posted by Baker Galloway
Many homeowners elect to hire a home renovation contractor on an hourly rate basis, and many such contractors prefer to work under this arrangement due to the unpredictable nature of projects in the domestic environment, particularly when demolition is involved. An hourly rate agreement safeguards the homeowner from inflated bidding, and ensures the contractor gets paid for the work they do. If you decide to go this route, you may think there is nothing more to be discussed once the design is agreed upon. $40/hour. Simple, right?
Here are some things you may not have thought of:
1. Check References
Don't settle for "A buddy of mine does this kind of work," as an acceptable reference. Get two or three names of homeowners for whom the contractor has worked in the last 12 months. Call them and have a frank conversation about any items of concern. Be willing to shop around if there are significant red flags.
2. Transparency & Accountability for Time, Expenses
You need to feel comfortable that your contractor understands your expectations for the project and process; and, you need to have a clear plan of communication if you are paying for every hour worked and every box of screws purchased.
Open Records for Time & Expense?
Set up a system for your contractor to log time & expenses; and a schedule for making payments; and how it will all get documented.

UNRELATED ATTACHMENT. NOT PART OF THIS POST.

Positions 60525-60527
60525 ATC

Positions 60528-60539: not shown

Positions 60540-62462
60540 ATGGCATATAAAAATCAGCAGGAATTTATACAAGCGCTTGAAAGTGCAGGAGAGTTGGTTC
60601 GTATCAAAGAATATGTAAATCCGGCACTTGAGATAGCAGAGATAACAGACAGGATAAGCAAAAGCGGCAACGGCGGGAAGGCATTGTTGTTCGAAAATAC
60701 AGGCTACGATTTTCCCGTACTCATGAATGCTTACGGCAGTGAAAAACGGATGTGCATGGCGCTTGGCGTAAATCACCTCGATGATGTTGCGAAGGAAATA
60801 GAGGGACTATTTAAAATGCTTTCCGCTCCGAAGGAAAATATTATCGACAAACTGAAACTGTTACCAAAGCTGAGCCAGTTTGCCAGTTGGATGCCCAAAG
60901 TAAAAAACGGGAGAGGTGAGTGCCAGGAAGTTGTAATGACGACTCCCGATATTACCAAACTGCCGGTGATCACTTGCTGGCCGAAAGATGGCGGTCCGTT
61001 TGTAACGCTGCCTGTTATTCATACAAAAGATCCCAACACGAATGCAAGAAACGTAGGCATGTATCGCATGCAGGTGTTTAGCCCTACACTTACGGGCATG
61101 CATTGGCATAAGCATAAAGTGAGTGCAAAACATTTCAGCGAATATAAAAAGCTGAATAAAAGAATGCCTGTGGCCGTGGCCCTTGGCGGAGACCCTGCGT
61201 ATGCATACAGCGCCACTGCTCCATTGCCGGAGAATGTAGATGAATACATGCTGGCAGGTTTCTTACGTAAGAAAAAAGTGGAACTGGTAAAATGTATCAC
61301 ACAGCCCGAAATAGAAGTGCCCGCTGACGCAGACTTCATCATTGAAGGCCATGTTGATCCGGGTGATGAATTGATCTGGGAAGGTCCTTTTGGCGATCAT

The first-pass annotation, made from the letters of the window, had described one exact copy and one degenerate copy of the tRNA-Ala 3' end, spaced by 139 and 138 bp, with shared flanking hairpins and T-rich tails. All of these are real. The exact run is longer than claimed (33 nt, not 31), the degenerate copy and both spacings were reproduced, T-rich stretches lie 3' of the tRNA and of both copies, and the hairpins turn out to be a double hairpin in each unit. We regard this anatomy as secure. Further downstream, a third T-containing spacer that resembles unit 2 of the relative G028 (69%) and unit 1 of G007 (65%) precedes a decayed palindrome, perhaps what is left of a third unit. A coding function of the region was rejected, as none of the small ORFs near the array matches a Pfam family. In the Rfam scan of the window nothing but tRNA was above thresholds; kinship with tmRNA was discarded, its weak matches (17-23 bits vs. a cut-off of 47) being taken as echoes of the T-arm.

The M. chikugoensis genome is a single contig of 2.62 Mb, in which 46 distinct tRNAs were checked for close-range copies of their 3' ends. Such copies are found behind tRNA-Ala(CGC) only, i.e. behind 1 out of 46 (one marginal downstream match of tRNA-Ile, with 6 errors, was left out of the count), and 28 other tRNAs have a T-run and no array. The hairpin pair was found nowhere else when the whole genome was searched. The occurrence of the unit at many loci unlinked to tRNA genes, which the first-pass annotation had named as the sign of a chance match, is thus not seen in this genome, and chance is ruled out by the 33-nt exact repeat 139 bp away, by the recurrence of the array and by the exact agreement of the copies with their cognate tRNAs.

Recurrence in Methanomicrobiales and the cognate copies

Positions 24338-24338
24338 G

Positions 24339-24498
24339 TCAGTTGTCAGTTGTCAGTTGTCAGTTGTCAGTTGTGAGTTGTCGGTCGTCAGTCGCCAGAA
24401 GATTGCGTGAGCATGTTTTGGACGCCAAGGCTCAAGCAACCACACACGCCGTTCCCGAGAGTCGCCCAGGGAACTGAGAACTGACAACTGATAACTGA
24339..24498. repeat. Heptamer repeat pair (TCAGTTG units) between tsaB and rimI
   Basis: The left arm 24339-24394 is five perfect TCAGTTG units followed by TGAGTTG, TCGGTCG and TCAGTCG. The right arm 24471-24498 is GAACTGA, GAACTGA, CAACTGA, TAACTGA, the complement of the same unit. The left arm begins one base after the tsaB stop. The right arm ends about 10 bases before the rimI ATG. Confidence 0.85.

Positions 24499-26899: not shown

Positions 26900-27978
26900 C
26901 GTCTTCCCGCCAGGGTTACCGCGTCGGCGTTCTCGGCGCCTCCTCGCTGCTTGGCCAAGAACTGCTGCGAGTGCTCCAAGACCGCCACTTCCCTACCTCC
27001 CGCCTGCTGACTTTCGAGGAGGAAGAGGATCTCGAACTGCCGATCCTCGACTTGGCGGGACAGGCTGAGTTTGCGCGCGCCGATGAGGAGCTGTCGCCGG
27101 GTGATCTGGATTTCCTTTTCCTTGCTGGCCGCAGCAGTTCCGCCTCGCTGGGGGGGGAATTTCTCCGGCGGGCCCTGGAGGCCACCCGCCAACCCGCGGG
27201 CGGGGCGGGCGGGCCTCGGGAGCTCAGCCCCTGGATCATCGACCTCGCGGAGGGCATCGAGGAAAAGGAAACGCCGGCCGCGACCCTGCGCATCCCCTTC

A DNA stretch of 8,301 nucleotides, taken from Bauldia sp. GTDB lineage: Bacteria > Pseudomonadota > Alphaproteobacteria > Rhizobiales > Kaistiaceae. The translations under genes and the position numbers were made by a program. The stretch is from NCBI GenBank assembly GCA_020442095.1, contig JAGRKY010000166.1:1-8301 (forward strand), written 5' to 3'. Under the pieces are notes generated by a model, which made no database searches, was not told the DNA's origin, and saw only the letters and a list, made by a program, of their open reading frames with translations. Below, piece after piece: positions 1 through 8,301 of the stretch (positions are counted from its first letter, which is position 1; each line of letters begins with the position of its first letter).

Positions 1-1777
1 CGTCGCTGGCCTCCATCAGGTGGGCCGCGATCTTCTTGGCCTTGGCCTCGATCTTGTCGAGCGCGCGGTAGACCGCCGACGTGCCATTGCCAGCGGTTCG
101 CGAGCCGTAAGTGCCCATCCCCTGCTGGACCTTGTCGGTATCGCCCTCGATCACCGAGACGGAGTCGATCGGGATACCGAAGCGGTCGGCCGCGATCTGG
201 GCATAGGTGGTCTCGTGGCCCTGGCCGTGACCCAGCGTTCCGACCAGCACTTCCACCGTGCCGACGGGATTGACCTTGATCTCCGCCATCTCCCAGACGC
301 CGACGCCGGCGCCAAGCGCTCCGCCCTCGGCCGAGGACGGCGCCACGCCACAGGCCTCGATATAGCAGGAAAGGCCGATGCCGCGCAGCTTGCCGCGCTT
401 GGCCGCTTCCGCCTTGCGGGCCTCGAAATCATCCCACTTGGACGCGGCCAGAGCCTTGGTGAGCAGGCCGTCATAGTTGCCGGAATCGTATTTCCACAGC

Is your contractor going to round every purchase up to the nearest $100? Are they going to add a 10% markup? Your contractor is probably still "on the clock" during trips to the hardware store. Do you want copies of every receipt from every purchase?
3. Close-Out Expectations
What does a finished project look like to you? Is your contractor going to pick up trash, dust, sweep, and mop? Will they come back and fix any glitches you find?
Punch List on Whose Time?
If a project was bid for a fixed fee, I would expect the contractor to come out and fix any aspects of the project that I am not satisfied with for free. However, this is a gray area with hourly rate contracts.
Again, for fixed bid construction I expect a 12-month warranty period during which the contractor will come out and fix anything they did that breaks or stops working. Is your hourly rate contractor willing to do that?
4. Over-Estimate Time & Cost
Expect everything to take twice as long as projected. Seriously.
Expect everything to cost 1.5 X the original budget.
5. Include the Natives
Home renovation projects are MESSY. Make sure your spouse, family, and/or tenants are in the loop as far as what to expect. Set up and maintain clear boundary expectations and lines of communication for those living in the house, and those working in it. Don't get stuck in the middle of conflicts that could have been avoided by clearly communicating boundaries beforehand.
Designing a renovation to your house can be fun; but it is also fraught with opportunities for stress, disappointment and miscommunication. Not to mention there is a lot of money at stake. Try to enjoy the process and let us know if you come up with any tips of your own.